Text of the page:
Ireland's post-primary pupils and teachers are adding face coverings to their list of school supplies for the coming term.
As well as shopping for uniforms, books and stationery supplies, secondary school students will need to have a mask with them.
Updated Government guidelines recommend that teachers and pupils at post-primary level should wear face coverings where it is not possible to keep the two metre physical distance.
Students will also be required to wear face coverings on the school bus.
So how will this new Covid-19 guidance affect pupils, teachers and parents?
Jamie Dockery teaches English and history at St Nathy’s college in Ballaghaderreen, Co Roscommon.
He believes the recommendation to wear a face covering will make things easier. "I don’t know how possible it will be to socially distance. I think it’s a big ask on all schools," he told RTÉ's This Week.
Like many schools across the country, St Nathy’s has a PE and sports hall but parts of the building are older and pose challenges for social distancing.
Mr Dockery said the school has spent most of the summer planning for the new term in September.
And he believes the recommendation for teachers and students to wear masks in situations where two metres' distance is not possible, will ease the minds of some of his older colleagues.
"They might have health issues themselves or be caring for someone at home who has a health issue. They are worried and that is understandable."
But teaching a class while wearing a face covering will not be the same.
"In my own classroom, I very much use my voice and my facial expression and this will make things a little bit tricky. Still, if they tell me I have to wear a mask I will definitely do that," said Mr Dockery.
How will his English and history students cope with possibly wearing masks for several classes?
"That will have to be looked at. As we all know, wearing a mask all day every day is not easy and has its own discomforts."
He sees other issues for pupils. "If a student does not have a mask, will it be provided by the school and boxes of masks are not cheap. Who pays for that?
"Will it be the Government, will it be the schools? Some will say that masks are a necessity and have to be paid for - but not everyone will have the ability to do so. It is a challenge that will have to be overcome."
Despite such challenges, Mr Dockery believes it is time to get students back to their classrooms.
"I don’t think I have ever looked forward to being back in school as much. My feeling is there are other sections of society, like doctors and nurses, who have done their bit - and part of me feels it is our time now."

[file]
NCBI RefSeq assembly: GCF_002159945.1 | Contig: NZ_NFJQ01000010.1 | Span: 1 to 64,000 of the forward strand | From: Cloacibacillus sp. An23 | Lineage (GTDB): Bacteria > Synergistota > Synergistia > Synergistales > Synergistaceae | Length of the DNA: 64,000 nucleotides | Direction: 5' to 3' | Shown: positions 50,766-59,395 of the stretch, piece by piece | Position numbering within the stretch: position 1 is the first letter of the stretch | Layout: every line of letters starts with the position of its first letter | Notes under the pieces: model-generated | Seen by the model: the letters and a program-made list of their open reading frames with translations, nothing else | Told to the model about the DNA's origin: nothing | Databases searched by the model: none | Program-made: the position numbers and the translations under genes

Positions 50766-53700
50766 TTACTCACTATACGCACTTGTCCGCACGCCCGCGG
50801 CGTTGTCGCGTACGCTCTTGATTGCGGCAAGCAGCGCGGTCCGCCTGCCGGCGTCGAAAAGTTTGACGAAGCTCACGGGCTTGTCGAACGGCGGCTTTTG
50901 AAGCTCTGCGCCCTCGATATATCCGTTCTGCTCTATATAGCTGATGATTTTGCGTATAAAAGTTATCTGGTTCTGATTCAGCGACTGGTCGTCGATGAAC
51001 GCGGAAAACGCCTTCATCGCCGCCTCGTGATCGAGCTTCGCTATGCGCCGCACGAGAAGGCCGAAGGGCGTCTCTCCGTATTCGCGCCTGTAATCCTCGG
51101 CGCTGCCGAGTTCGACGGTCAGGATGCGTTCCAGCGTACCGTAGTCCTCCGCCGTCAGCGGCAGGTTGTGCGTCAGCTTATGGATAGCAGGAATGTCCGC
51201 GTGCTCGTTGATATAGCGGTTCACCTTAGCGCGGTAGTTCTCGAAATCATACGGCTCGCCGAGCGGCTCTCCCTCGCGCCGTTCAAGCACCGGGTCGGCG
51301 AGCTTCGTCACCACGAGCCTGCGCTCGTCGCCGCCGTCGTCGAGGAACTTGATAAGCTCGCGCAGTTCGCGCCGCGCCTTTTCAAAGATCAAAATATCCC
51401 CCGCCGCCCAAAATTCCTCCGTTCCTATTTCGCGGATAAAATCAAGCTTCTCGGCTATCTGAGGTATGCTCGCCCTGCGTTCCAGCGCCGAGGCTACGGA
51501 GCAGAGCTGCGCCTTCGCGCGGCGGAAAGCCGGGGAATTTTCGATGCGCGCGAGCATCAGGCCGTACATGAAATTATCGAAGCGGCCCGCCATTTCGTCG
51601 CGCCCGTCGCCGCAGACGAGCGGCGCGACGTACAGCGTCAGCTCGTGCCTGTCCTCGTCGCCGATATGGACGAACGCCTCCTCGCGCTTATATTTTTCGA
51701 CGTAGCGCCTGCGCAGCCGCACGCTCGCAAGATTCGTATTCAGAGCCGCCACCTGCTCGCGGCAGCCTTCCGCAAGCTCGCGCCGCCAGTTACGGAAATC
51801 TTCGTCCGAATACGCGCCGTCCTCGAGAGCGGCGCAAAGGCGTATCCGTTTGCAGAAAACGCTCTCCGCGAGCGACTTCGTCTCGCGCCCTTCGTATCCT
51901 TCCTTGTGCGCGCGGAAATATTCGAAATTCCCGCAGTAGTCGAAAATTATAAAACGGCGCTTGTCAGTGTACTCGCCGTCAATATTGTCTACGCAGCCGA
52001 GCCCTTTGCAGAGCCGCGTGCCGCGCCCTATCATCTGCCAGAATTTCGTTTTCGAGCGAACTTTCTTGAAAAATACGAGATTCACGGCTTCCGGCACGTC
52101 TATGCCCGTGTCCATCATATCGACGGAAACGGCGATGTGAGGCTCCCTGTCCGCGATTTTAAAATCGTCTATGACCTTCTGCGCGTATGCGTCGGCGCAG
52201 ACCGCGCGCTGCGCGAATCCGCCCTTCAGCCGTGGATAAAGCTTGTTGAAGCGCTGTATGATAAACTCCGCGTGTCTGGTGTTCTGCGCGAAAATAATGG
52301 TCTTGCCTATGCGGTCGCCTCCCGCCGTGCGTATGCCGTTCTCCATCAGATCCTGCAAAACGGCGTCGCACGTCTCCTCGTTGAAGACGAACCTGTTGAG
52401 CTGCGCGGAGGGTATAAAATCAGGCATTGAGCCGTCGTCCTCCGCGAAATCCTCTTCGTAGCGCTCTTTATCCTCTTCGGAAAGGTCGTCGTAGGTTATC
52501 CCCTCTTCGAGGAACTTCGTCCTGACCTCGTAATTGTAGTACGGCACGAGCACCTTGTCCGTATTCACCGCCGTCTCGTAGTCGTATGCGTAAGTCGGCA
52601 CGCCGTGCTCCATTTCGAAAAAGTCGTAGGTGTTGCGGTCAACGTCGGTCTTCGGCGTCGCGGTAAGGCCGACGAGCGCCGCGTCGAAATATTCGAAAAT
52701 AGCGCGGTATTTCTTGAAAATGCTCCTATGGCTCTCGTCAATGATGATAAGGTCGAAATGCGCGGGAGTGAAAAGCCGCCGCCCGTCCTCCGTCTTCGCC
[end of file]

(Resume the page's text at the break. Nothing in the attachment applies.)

Some post-primary students in Longford have already been told they will need to bring a mask to school.
"We got a message from the school that pupils must have a mask and sanitiser. We are all prepared for that by now. We all know this is around us," said the mother of a first year student.
It is not just secondary school students who may end up wearing face coverings for parts of the day. Masks will be required on school buses.
Grace Heavy from Longford is concerned about her primary school daughter.
"She has very bad asthma and I’d be very worried about her going back in case she catches anything.
"She takes the bus to school and will have to wear a mask, but it’s hard to get the right sizes for the kids. I’ve been finding it hard to get one."
A Longford-based mother whose secondary-school son is autistic said she has "no idea" how his return to school will work, especially if masks are required.
"He understands that there is a need to wear a mask but he can only cope with wearing it for short periods of time before he feels the need to take it off."
One student entering transition year in Longford said she was not looking forward to wearing a face covering.
She cited the difference between wearing a mask outdoors, or in a shop, and wearing one for longer periods in school. "It would be very difficult for us when we are learning. It would be very warm in the classroom."
Labour's education spokesperson Aodhán Ó Ríordáin has called on Education Minister Norma Foley to outline whether wearing face coverings in school is a requirement or a recommendation.
"Minister Foley also needs to clarify who will provide this PPE.
"Labour has already called for the Government to provide reusable face masks to each household in the country. This would cost around €60 million but would be money well spent given the importance of face masks in the fight against Covid-19."
Third-level students will also be required to wear masks.
Jack Keville from Leitrim believes this is not a big deal. "I would wear one anyway. I am socially conscious and I think most college-aged people will wear them."
US student Leeannah McNew said wearing a face covering has already become second nature to her.
"I work in an ice cream shop so I’ve been wearing one for a while now. You kind of get used to it."
As for the cost of mandatory face masks, she said: "It’s easy to make your own."